Older adults' motivations to participate or not in epidemiological research. Qualitative inquiry on a study into dementia in Switzerland.


Fiordelli M(1), Fadda M(1), Amati R(1), Albanese E(1).
Author information:
(1)Institute of Public Health, Faculty of Biomedical Sciences, Università della Svizzera italiana, Lugano, Switzerland.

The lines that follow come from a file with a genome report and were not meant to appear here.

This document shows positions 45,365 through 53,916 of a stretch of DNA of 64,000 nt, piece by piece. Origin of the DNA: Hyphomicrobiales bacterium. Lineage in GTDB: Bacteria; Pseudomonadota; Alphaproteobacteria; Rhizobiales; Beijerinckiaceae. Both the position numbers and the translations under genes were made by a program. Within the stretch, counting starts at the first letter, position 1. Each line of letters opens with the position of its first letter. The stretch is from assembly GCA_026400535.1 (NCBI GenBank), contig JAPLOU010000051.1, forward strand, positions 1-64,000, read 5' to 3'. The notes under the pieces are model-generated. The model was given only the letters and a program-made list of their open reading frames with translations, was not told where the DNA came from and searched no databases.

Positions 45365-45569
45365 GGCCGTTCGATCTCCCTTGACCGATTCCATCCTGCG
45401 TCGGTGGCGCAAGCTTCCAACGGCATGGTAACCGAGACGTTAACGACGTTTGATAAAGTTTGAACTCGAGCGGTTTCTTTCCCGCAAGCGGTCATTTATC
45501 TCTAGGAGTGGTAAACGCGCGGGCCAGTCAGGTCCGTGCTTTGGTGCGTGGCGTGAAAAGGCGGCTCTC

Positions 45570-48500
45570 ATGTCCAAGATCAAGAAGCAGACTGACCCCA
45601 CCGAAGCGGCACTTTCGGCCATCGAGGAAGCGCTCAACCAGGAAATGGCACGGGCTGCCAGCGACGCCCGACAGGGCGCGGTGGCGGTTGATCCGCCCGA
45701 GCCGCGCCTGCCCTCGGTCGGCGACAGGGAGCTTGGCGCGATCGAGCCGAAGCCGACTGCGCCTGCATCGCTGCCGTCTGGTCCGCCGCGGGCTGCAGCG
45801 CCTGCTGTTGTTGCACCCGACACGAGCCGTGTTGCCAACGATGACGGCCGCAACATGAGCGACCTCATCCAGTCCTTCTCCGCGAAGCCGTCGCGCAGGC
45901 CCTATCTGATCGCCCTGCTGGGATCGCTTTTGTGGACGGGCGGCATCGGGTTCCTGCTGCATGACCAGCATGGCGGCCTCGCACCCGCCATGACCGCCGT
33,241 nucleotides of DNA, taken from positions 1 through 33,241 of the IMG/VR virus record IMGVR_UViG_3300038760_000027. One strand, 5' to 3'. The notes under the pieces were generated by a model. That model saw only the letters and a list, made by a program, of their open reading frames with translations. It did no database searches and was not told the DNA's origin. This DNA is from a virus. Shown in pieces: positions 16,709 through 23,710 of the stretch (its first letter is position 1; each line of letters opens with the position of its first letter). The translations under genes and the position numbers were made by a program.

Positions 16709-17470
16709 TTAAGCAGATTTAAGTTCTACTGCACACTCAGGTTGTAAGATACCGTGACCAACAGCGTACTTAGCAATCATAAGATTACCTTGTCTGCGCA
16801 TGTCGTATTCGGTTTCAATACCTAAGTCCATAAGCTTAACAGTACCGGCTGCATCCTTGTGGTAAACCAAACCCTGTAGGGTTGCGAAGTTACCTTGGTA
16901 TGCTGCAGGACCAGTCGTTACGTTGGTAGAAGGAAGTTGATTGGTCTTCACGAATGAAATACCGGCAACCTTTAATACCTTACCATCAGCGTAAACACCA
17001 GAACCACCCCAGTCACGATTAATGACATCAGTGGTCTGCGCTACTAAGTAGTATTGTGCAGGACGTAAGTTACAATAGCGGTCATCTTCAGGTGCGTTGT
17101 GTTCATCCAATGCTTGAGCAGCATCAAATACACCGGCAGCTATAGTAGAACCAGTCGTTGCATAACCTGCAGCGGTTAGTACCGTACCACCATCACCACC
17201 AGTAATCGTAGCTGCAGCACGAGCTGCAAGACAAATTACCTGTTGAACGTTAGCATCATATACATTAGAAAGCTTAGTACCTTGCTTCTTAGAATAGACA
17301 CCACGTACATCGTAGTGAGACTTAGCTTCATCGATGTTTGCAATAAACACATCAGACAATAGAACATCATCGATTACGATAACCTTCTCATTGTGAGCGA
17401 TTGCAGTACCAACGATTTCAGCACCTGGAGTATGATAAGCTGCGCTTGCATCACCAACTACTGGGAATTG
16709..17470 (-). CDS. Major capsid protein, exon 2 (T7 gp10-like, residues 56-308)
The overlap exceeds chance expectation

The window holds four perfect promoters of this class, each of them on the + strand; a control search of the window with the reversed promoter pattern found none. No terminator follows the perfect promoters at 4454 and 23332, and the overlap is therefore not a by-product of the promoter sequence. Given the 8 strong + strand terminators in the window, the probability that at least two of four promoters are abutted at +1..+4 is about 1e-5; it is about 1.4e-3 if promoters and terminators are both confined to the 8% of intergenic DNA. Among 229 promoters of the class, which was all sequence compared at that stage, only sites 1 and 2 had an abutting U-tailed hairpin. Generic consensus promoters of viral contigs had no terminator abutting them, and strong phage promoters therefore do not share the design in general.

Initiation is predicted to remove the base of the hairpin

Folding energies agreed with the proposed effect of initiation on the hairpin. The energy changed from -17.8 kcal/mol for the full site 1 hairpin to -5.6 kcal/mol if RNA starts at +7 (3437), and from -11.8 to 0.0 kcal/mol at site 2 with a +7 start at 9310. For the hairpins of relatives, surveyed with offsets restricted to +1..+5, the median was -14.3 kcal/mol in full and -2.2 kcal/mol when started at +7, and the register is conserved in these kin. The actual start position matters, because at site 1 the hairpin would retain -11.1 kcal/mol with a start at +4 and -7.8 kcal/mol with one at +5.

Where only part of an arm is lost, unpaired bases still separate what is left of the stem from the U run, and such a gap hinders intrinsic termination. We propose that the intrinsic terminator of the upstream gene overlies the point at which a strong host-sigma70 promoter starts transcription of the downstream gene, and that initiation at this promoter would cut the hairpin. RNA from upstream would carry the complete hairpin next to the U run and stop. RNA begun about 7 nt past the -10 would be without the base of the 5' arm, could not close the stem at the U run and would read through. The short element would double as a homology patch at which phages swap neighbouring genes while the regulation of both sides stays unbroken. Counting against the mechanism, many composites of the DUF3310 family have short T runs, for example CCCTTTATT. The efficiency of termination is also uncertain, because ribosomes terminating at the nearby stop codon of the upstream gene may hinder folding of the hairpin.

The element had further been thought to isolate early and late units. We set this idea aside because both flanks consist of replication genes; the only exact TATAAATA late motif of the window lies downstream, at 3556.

INTRODUCTION: High participation in epidemiological studies is crucial for both external and internal validity. Because response rates have declined in recent years, there is an increasing need to understand the drivers and the barriers to research participation. This study aims to uncover the motivations in favour and against participation of older adults to an epidemiological study on health and dementia. METHODS: Twenty-two older adults, who already took part to the preliminary phase of an epidemiological study in Switzerland, agreed to participate to semi-structured, face-to- face interviews. An experienced researcher carried out all interviews in a quiet place of choice of the interviewee either at their domicile or the university, between November 2019 and January 2020. The interviews were audio and video taped, transcribed verbatim, and thematically analysed by two independent researchers. RESULTS: We identified three main themes for the motivations in favour of participation (i.e. personal, related to the outcomes of research, and altruistic motivations), and we highlighted subthemes for each theme (e.g. personal motivations: curiosity; civic engagement; interest in the topic; trust in science; everyone counts; openness; play the game). Motivations against participation reflected the first two themes, while there was no counterpart for altruistic motivations. CONCLUSIONS: Our thematic analysis revealed that older adults hold specular motivations in favour and against participation to research. Studying jointly motivations in favour and against provides information for recruitment strategies and to overcome barriers to participation, respectively. Participatory action research can inform the design and conduction of and should precede epidemiological studies in older adults, and can potentially contribute to attain high response rates.